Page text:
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How Do Massachusetts And Connecticut Compare On Vaccine Rollout?10:43
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Nicholas Capote dispenses the first Pfizer COVID-19 vaccine dose at Tufts Medical Center from a vial into a syringe. (Jesse Costa/WBUR)
Nicholas Capote dispenses the first Pfizer COVID-19 vaccine dose at Tufts Medical Center from a vial into a syringe. (Jesse Costa/WBUR)

According to the latest CDC data, the Bay State ranks 13th from the bottom of states in vaccine distributions, per 100,000 residents. But Connecticut ranks sixth from the top.

Is the Nutmeg State really that much better at rolling this out? What gives? Radio Boston spoke asked WBUR reporter Martha Bebinger and John Dankosky, reporter and host of the podcast "Steady Habits" from the Connecticut Mirror.

Interview Highlights:

Is Massachusetts doing as poorly as the rankings suggest?

Bebinger: "Mass. has injected about 60% of the doses delivered. Now, some of those are appropriately in storage for people who are in line for their second dose. But Gov. Baker said yesterday he is not happy with where we are in this rollout. He was unapologetic, though, for some of the reasons for it, some of the decisions his administration made early on."

Here's a quote from Gov. Charlie Baker explaining his rational during a Wednesday press conference:

"The decision we made to vaccinate straight out of the gate, hospital workers, the decision we made to organize and structure a very significant and complicated outreach program to congregate care providers and the decision we made to choose to be focused early on on homeless people who would not necessarily be part of the rollout in many other places. I think we did the right thing there, but I get the fact that that meant other people needed to wait. And I'm not satisfied with where we are."

Bebinger: "There's a lot of critique of these rankings as well, because some health care leaders who focus on getting vaccines to people of color and some of those underserved populations that the governor was just talking about, we know those people have been at greater risk for infection, hospitalizations and deaths. These leaders say that if you're going to speed up, you're going to vaccinate people who are the easiest to reach. And those are more likely white people than people of color. And so if you're just focusing on speed, you may well end up with even greater inequities due to COVID, meaning more people of color getting sick and dying."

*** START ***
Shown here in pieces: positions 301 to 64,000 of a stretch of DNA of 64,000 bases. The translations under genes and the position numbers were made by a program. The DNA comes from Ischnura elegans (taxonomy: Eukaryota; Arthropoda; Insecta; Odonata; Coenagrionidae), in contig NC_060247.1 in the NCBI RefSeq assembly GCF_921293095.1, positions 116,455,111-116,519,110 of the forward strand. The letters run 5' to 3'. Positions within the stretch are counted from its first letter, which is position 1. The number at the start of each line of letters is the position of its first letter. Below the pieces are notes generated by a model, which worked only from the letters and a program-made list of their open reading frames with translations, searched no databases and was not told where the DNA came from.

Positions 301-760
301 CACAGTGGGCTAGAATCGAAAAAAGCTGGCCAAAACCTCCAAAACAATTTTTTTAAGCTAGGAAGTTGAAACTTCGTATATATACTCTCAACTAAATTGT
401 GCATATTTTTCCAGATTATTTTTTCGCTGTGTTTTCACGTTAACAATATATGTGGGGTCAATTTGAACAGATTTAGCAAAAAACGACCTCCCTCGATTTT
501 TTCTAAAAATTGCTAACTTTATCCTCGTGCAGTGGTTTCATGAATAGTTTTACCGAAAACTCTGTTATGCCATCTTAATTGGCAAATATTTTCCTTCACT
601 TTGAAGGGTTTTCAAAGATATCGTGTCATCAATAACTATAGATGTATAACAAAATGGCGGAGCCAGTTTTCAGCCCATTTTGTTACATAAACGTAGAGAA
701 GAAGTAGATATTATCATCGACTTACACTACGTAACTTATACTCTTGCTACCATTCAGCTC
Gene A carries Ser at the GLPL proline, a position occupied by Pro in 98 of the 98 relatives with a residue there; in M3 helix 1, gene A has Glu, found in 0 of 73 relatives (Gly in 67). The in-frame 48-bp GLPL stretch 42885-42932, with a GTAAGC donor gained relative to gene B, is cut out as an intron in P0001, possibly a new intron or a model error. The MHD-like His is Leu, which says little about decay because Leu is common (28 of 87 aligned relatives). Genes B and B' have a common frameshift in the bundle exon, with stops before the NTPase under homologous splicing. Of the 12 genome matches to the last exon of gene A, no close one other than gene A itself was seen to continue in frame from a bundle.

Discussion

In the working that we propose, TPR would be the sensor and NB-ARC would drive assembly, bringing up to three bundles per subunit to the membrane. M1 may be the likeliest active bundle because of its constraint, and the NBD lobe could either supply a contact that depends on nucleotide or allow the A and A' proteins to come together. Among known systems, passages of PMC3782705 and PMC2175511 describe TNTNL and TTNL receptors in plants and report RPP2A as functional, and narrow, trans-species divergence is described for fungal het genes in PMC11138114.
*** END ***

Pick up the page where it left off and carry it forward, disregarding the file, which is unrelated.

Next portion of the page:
CDC, Bloomberg, Johns Hopkins — their metrics put Connecticut high in the rankings, but optics and reality can be different. So is Connecticut where it looks like it is, or are residents dissatisfied with the rollout?

Dankosky: "Well, right now, I think the governor, Ned Lamont, has been pretty satisfied. ... He's been trying to get the vaccine into the arms of as many people as possible as quickly as possible, because he's very concerned, as we all are, about the variants that have been showing up in various places in the U.S. and certainly other places around the world. At this point, Connecticut has basically prioritized speed. They've said we're going to get this into the arms of, of course, health care workers first, but also those 75 and older. And one of the things that the governor has told us is that's just the most efficient way to get the most doses out to people.

"What Martha talks about is very true. The Connecticut Mirror did an analysis of the population of the state and how exactly this breaks down. And what we found is that 84% of the people 65 and over in the state of Connecticut are white. That's compared to about 66% in the overall population. What that means is that an awful lot of people who are 55 and over, who are Black, who are at much higher risk of of morbidity from this disease, aren't going to get vaccinated as quickly. So that really is the flip side and that's the rub. Do we want to do this fast and get it out to as many seniors as possible? Or do we want to put more younger priority groups first? And Connecticut's kind of made its choice there."